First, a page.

By LORRAINE V. MURRAY, Commentary | Published December 10, 2015
“You need to volunteer at an animal shelter,” my sister said, when I was in the initial shock of grief. “You need something to give you joy.”
But an image immediately took shape in my imagination—yours truly driving along with dogs and cats of various shapes and sizes sticking their heads out the car windows.
“It’s not going to work,” I sighed. “I’d take all the animals home with me.”
The next day, my dearest friend mentioned that a local church was seeking additional voices for its chancel choir’s Dec. 13 production of “A Festival of Nine Lessons and Carols.”
“Why don’t we give it a try?” she suggested.
My voice is average at best—but I love singing, so I mulled this possibility over for a while. After all, the days were growing shorter as Advent approached—and the pitch-black evenings were becoming harder to fill.
Clearly, Advent can be an exciting time for people who are baking and wrapping gifts and mailing cards, but a tough time for anyone struggling with emotional, spiritual or physical problems.
Still, in a beautiful book, “A Child in Winter,” Caryll Houselander recommends that we be patient with our earthly pain—and realize that “Advent is not only the time of growth but also of darkness and hiding and waiting.”
She advises trusting that “Christ is growing in our sorrow”—and in due season, “all the fret and and strain and tension of it will give place to a splendor of peace.”
With these words in mind, I emailed the director, assuring him that no choir had kicked me out—yet—and he wrote back exuberantly, “We’d love to have you join us!”
Before long, I was driving a few miles to the brightly lit First Baptist Church in Avondale Estates for my first rehearsal.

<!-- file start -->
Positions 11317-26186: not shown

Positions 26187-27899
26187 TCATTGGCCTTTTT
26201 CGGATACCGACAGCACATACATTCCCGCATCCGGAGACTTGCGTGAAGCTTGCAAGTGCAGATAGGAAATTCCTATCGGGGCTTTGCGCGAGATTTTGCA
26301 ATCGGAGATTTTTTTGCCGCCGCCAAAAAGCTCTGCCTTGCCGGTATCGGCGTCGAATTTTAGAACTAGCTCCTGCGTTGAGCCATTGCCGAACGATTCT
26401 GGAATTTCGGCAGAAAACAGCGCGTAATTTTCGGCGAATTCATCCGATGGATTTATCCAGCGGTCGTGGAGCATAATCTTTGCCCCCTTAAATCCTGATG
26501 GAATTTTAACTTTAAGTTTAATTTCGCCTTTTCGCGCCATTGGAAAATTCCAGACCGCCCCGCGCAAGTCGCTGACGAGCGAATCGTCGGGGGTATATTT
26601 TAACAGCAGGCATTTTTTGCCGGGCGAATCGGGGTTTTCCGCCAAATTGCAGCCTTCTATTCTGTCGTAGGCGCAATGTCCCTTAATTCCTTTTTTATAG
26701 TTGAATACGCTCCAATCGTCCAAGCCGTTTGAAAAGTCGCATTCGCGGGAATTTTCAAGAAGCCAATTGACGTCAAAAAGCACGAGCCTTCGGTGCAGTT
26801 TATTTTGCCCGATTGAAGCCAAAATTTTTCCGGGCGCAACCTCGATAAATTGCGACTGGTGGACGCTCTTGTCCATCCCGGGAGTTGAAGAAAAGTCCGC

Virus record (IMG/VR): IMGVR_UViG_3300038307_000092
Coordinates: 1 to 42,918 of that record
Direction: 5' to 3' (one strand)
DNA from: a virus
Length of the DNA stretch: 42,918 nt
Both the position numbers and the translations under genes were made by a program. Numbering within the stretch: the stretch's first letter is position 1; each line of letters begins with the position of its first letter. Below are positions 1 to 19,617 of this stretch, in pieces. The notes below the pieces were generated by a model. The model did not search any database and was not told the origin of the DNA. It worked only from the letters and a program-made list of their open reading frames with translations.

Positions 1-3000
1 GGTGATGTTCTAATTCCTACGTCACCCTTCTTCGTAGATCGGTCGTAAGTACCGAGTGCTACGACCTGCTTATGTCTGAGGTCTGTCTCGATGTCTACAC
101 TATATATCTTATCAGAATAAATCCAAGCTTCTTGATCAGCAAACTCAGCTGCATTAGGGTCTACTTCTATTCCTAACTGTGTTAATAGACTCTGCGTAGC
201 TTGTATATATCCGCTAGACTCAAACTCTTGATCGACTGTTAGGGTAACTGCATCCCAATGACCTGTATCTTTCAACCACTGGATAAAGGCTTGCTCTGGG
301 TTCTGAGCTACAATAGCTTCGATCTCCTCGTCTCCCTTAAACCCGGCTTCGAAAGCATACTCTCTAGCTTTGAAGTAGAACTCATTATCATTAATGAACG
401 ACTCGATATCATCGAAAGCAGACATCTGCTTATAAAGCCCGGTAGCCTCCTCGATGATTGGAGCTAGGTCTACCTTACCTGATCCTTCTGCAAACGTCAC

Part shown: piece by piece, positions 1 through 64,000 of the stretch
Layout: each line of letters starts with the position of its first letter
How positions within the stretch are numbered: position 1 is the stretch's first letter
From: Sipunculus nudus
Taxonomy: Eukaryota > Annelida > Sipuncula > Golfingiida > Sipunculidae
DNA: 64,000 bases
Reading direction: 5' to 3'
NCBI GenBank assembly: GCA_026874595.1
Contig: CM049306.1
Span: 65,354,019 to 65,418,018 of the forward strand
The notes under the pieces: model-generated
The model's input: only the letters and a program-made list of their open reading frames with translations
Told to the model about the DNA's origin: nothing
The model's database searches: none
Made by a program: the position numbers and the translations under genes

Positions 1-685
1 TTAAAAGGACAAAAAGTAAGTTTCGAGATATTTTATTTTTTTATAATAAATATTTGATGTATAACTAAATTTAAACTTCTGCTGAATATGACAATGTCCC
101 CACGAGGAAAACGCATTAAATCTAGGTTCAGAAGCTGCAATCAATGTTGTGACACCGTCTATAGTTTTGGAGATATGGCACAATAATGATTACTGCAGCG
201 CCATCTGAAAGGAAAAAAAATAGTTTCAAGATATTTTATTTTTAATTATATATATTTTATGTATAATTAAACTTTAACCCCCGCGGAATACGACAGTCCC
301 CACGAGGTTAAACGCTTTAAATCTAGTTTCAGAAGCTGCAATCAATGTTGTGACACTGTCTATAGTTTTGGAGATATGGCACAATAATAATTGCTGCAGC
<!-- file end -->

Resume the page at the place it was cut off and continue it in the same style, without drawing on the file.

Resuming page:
Frankly, I was nervous about walking into a roomful of strangers, but my trepidation dissolved when people stopped by to welcome me, and the lady next to me whispered, “I’m so glad you’re here.”
Now the lyrics play in my head throughout the day with my favorite song being “How Far Is It to Bethlehem?” written by Chris Anderson and Frances Alice Chesterton, the wife of British author G.K. Chesterton.
How far is it to Bethlehem, not very far? Shall we find the stable room lit by a star? Can we see the little Child, is He within? If we lift the wooden latch, may we go in?
The simple words remind me of the one who said: “Unless you change and become like little children, you will never enter the kingdom of heaven.”
To me, Christmas calls us to that conversion, because we once again embrace the miracle that God himself became a little one, fulfilling what Isaiah foretold, “A little child will lead them.”
May we pet the creatures there, oxen or sheep? May we peek like them and see Jesus asleep? If we touch His tiny hand, will He awake? Will He know we’ve come so far just for His sake?
During Advent we tread a mystical path taking us to a silent and peaceful place where the divine becomes human, the almighty becomes helpless—and heaven touches earth.
Great kings bring him precious gifts, but we do not, sweet smiles on our little lips are all we’ve brought.
Even in our suffering, even during the dark days, the shining promise of Christmas is imbued with a mysterious joy. And in some inexplicable way, it seems that Bethlehem is as close as our own hearts.
“Nativity” by Jef Murray. Lorraine Murray’s email address is firstname.lastname@example.org.